I don’t have any experience with putting a dog to sleep, but I am about to get some. Today, at 10:50 a.m., I have an appointment with the compassionate, kind-hearted Dr. Lisa to kill our beloved J.J., the midsize, mystery-meat mutt whom Cyd and I adopted almost 13 years ago. We were newly affianced and newly in possession of a home, one that had yet to be filled with children or even furniture. In that cold, dead January of 2005, our first sofa, an import from my old bachelor pad, met our first dog, a white-with-black-spots refugee from the South. We had no idea why she had needed rescuing, so we just figured that, as a Jewish dog, she had faced vicious anti-Semitism in the small town whence she came. Her anxiety seemed to bear out that theory, and we spent a lot of her first few months with us assuring her that she was now safe. She could stop running. She was with her people now.
So there we were: a young, engaged couple; a dog; and a sofa. I can’t say that the dog and the sofa got along. From the first day that J.J. lived with us, she began tearing at the sofa, first a few tufts of stuffing; soon, large chunks. Trying to salvage a few cushions, we began stashing them in the bathroom before we left for work in the morning, then reassembling the sofa when we got home. In the meantime, J.J. gnawed on the sofa’s frame, and there wasn’t much we could do about that. But, of course, she was our child, and we all know that children destroy things. So what could we do?
In time, real children, human children, came along, and I’ve been worried that they will have the hardest time with J.J.’s passing. It’s not that they haven’t known what’s coming. We came back from a week at the beach last August to find that J.J., who’d been home with our housesitter, had a swelling about her haunches; one trip to the vet later and we knew that she had a tumor that was preventing the proper circulation of fluid. Since that time, she has slowly swelled out more and more. If you didn’t know that she was sick, you’d think that she was pregnant, which, in fact, is what passing neighborhood children, by nature optimists about life, tend to think. But our four daughters have known, whether they’ve known that they’ve known or not.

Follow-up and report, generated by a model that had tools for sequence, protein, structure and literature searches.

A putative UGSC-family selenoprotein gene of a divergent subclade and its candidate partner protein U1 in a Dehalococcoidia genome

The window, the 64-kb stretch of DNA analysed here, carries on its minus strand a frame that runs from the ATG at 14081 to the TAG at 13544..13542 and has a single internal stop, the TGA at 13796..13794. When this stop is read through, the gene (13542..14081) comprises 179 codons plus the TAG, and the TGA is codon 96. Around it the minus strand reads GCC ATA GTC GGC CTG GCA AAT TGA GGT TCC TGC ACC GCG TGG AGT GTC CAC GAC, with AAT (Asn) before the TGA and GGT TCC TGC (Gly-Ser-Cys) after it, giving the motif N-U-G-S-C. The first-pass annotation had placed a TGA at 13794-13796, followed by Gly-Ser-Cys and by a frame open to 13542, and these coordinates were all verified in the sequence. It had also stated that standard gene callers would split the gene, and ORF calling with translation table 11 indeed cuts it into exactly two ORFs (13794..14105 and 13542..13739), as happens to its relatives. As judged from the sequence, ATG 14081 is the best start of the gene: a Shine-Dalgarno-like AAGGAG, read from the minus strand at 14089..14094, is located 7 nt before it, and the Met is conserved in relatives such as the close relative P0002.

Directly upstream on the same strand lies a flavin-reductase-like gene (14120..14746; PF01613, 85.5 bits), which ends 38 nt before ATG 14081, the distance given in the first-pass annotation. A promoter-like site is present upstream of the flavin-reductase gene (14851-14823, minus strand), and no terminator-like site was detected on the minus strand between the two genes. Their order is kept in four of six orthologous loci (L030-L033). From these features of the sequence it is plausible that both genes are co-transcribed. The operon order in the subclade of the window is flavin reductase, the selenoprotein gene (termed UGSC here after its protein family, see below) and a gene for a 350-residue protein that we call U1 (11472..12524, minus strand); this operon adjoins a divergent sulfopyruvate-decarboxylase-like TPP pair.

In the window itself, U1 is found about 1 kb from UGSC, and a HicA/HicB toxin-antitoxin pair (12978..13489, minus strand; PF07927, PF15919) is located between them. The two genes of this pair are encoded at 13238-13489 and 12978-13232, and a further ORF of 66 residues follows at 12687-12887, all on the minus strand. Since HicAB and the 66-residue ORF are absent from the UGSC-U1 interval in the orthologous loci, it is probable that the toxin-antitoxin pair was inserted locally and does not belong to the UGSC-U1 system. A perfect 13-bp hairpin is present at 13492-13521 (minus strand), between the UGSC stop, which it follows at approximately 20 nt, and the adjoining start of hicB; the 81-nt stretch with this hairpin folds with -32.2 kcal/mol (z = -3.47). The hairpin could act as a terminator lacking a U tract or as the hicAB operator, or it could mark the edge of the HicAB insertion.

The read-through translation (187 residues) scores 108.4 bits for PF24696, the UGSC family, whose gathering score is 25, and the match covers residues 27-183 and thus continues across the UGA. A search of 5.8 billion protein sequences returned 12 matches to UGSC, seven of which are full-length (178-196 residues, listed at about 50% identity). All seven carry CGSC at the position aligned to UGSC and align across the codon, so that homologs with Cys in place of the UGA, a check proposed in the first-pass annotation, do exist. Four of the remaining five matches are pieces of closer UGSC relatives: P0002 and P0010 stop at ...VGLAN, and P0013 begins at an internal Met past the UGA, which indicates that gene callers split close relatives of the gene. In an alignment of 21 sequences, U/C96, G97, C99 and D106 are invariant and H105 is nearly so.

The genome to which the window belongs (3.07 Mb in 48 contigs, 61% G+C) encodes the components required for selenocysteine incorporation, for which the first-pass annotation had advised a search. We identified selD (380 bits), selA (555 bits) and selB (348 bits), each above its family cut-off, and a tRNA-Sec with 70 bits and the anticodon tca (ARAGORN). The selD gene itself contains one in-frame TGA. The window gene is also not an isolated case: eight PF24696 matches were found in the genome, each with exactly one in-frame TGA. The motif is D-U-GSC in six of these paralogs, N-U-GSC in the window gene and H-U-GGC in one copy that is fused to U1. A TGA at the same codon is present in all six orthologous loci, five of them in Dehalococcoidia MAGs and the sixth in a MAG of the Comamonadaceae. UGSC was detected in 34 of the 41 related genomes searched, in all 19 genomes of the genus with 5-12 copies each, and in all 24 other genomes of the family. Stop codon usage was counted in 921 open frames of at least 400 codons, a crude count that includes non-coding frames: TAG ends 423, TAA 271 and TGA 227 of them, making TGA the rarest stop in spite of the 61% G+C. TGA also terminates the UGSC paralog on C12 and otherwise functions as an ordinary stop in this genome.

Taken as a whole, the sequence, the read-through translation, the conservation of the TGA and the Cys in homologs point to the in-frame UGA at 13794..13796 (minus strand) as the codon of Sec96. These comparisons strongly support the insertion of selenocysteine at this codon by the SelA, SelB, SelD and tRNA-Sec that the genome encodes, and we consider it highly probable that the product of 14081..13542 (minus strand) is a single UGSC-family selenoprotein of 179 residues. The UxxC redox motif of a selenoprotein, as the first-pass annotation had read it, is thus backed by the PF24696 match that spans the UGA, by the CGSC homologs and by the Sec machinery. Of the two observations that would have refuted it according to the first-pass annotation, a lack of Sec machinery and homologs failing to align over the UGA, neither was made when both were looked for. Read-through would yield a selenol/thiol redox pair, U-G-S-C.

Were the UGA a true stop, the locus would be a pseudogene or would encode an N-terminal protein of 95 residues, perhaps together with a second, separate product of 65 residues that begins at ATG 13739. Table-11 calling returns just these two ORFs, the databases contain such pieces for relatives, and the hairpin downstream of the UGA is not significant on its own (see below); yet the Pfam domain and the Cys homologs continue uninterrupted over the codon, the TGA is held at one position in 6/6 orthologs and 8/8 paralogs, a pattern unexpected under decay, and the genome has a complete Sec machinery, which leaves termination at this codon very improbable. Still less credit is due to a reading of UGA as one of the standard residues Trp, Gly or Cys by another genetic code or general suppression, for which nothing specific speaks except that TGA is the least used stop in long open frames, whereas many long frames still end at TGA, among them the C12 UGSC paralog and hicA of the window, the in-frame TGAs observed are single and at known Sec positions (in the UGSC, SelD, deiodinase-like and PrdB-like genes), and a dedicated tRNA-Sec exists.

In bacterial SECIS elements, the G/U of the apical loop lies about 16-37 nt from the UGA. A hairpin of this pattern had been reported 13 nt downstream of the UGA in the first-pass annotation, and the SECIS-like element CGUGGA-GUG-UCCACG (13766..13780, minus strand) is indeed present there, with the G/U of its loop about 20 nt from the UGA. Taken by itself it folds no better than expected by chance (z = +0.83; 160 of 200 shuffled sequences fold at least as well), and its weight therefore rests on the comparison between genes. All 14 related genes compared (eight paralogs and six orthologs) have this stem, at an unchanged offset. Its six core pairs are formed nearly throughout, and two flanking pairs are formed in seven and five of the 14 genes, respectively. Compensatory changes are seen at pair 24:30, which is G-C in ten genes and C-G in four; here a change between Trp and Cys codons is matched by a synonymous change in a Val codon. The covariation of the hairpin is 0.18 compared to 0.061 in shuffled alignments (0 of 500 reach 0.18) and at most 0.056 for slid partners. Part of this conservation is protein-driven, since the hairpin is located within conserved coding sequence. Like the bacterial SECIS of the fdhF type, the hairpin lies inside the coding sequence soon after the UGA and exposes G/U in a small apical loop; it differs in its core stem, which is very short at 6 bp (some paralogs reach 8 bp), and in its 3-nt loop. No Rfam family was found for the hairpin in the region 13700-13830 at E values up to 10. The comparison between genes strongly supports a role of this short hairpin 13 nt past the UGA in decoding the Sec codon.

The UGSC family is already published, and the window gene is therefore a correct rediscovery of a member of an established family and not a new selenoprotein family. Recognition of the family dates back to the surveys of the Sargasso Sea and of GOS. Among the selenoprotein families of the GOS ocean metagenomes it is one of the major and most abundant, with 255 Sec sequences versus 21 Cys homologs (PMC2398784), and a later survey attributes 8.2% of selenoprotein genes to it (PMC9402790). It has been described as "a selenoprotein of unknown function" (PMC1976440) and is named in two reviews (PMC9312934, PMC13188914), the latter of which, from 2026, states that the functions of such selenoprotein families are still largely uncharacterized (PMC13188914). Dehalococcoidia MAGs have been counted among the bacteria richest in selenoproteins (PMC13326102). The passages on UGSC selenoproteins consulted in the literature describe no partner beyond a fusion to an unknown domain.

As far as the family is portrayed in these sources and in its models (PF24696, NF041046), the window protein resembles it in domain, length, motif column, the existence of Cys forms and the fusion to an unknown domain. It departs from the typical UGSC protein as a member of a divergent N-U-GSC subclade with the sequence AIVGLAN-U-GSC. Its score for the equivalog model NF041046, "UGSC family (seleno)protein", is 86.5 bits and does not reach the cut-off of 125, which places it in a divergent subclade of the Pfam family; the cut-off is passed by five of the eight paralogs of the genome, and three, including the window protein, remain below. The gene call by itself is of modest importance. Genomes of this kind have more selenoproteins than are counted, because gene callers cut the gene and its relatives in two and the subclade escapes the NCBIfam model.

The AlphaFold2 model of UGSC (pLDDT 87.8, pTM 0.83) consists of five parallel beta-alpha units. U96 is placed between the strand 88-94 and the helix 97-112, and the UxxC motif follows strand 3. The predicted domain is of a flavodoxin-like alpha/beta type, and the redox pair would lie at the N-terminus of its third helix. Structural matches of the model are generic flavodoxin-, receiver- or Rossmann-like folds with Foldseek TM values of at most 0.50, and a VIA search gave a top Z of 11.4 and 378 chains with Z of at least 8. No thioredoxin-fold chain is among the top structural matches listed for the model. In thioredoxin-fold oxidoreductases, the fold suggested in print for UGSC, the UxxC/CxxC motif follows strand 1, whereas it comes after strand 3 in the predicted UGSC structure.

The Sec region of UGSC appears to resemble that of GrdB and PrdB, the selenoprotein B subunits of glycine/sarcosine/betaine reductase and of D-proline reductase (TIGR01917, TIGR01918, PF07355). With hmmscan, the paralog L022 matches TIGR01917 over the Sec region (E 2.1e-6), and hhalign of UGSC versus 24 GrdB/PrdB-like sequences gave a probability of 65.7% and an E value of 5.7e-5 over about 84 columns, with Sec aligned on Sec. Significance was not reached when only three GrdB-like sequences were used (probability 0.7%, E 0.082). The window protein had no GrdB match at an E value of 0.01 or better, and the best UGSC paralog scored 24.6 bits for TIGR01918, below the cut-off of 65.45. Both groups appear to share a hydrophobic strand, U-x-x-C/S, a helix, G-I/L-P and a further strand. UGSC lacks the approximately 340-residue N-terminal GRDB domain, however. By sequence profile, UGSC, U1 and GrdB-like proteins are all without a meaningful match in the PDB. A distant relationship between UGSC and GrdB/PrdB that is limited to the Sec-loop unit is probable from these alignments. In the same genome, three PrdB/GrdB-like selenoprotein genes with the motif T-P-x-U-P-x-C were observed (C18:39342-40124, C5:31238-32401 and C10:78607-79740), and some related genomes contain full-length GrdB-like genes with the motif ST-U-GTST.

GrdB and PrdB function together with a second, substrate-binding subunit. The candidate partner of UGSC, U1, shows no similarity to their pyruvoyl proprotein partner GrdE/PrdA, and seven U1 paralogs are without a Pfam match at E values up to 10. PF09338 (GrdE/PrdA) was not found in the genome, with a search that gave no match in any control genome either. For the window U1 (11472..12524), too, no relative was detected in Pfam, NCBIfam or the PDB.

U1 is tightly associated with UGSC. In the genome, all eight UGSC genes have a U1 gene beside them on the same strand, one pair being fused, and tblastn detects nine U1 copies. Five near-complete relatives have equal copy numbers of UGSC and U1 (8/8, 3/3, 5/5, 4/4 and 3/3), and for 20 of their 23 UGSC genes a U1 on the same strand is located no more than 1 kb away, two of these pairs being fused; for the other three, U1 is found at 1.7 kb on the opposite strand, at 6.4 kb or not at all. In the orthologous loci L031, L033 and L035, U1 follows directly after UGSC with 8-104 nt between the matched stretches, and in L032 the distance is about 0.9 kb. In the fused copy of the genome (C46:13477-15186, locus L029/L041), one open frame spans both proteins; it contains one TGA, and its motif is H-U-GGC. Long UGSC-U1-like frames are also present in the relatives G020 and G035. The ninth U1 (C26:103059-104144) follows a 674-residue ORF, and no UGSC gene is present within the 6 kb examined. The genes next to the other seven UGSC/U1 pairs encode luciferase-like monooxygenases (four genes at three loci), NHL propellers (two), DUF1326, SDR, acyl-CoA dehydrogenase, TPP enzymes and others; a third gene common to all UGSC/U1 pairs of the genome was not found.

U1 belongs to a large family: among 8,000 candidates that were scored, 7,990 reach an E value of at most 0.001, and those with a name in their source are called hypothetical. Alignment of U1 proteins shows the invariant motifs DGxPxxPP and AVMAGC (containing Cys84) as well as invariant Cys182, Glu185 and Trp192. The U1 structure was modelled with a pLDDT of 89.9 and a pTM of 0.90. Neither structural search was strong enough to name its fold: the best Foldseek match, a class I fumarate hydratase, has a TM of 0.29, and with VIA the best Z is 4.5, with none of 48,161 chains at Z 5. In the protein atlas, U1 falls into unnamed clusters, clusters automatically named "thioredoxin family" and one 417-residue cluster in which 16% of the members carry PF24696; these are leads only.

Last Sunday morning, I took Anna, the youngest, to fetch her three older sisters from Hebrew school. In the car ride on the way back, I realized I had all four in one place, captive, with no TV blaring and no food a-crunching. J.J. had been declining—the edema was working its way into her hind legs—and we had to have a talk. This seemed like a good time.
“Girls,” I said, “you know that J.J. has been getting sicker and sicker. I just wanted you to know that Mom and I are going to take her to the doctor this week, and ask her what she thinks we should do.”
“Will they kill J.J.?” one of them asked.
“Ultimately, Mom and I will decide,” I said. “But she is suffering. We aren’t sure what to do, to be honest. I just wanted you guys to know what is going on.”
Rebekah, our eldest, said that she thought that maybe it was time to go. “If she’s suffering, we should put her to sleep.”
Ellie, next in line, responded with her typical black-and-white clarity, and ferocity. “If J.J. goes,” she shouted, “then I go. If they kill her, they have to kill me!”
Rebekah and I tried, unsuccessfully, to stifle a laugh. Ellie was not amused. “I’m not kidding!” she said. I told her that we hoped that she was.
Anna, the baby at 3 years old, smiled and said, “She’s sick, she’s going to die.” Not that she was happy about it, just matter-of-fact and blessedly clueless.
And Klara, 6 years old, our third daughter, said nothing. She has the least interest in the dogs (we have another, younger dog, Archie), and I wondered how much she would care. But later that day, she approached me on the sofa, where I was futilely trying to read a book, and asked if I wanted to hear the song that she had composed about J.J. It was a major-key ditty, hopeful and chipper. It went like this (I reprint it with her permission):
This is hard on all of us, it’s not just hard on me
But J.J. is going to die anyway, whether a he or she
But she’ll always be our pup, whether in Heaven or not!
I’m a Jew, and at least four days out of the week I’m an atheist, so I am not big on heaven, at least not as a place where I might end up. But I do, I’ll admit, believe in Dog Heaven. My conversion was a result of reading Cynthia Rylant’s theologically profound children’s book Dog Heaven, in which she describes Dog Heaven as the place where “each dog is petted and reminded how good he is, all day long.” It’s like Robert Frost’s definition of home as the place where “when you have to go there / They have to take you in”—but better, because in Dog Heaven, they pet you, too.
Is Rylant’s God a universalist, one who believes that everyone gets to Dog Heaven? Is she a Calvinist, for whom it would be possible that J.J. was predestined to Dog Hell? (If such a place existed, would it involve lightning-fast squirrels?) I’m just a biblically illiterate peasant, so I can’t be sure. I’ll take my solace where I can. All I know is that J.J. has been with me since before I was me. When I picked her up for the first time, I was just an aspiring husband who hoped that someday I’d have the right stuff to be a dad. Along the way, J.J. has been there to arch an eyebrow when I’ve lost my cool, lick my face when I’ve been laid low, and snuggle at night when I’ve been cold. She’ll leave a pooch-size hole in my house, and my heart. The sofas in Heaven better watch out.